Memory loss and dementia

Memory loss is a distressing part of dementia, both for the person with the condition and for the people around them.

Although it can be distressing, there are things that can be done to help people manage their memory problems and stay confident and independent for as long as possible.

This information looks at ways to support a person with memory loss and offers practical tips and advice on the subject.

Read our free booklet

This information is written for carers and those supporting a person with memory loss. For straightforward advice and practical tips written directly for the person with memory loss, get a copy of our free booklet called The Memory Handbook.

Get the memory handbook

When is memory loss associated with dementia?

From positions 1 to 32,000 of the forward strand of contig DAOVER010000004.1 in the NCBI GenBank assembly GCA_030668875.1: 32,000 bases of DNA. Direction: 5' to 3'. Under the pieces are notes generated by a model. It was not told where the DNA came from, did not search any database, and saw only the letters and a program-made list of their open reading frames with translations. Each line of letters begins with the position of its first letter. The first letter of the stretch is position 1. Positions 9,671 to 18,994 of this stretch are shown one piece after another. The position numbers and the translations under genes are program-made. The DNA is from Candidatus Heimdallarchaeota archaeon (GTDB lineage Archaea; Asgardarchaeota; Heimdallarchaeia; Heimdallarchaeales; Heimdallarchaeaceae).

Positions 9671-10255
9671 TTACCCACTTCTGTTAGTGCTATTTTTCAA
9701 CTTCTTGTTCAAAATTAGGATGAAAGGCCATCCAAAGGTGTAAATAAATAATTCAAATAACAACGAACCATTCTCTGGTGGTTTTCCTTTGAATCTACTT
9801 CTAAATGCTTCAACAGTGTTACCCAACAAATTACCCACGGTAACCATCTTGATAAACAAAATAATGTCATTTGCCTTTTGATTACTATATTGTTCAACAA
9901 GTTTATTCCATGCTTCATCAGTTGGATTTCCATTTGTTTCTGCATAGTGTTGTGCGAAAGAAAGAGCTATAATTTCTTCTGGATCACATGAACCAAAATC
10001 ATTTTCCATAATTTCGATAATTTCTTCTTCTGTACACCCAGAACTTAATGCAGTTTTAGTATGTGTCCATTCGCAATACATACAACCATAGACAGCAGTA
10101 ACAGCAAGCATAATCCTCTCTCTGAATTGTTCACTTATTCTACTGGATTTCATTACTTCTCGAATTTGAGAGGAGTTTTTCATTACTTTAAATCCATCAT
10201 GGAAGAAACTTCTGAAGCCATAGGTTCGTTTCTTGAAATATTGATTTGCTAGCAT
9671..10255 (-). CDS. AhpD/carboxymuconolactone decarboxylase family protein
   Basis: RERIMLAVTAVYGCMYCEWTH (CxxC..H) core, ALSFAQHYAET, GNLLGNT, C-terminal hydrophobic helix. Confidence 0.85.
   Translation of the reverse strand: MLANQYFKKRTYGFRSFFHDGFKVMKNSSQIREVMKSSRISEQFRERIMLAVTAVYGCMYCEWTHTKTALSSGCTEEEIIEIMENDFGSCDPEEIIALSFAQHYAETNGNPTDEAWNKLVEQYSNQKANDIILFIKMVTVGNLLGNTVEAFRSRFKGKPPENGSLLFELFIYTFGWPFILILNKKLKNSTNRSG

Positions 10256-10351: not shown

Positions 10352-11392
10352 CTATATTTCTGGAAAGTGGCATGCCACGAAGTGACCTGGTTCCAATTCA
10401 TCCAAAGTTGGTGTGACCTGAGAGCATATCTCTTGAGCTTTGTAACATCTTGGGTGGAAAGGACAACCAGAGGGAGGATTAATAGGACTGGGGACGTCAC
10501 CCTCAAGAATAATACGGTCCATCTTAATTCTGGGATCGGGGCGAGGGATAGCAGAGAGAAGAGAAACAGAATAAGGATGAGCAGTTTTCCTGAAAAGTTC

Memory loss is often one of the first signs of dementia, especially Alzheimer’s disease. Initially, memory lapses may be mistaken for the normal forgetfulness that often increases as people grow older, or when they become stressed. However, in someone with dementia it will gradually become clear that the memory problems are becoming more severe and persistent.This will often be more apparent to family and friends than to the person themselves. Memory loss will also be accompanied by changes in the way the person thinks, behaves and feels. This can make it even more difficult to cope with everyday life.

Memory loss affects each person differently, as do all aspects of dementia. For example, some people with dementia retain certain skills for much longer, while others need assistance earlier on. A person may recall a surprising range of facts or experiences, especially memories from earlier in their life, but may forget recent events or familiar.

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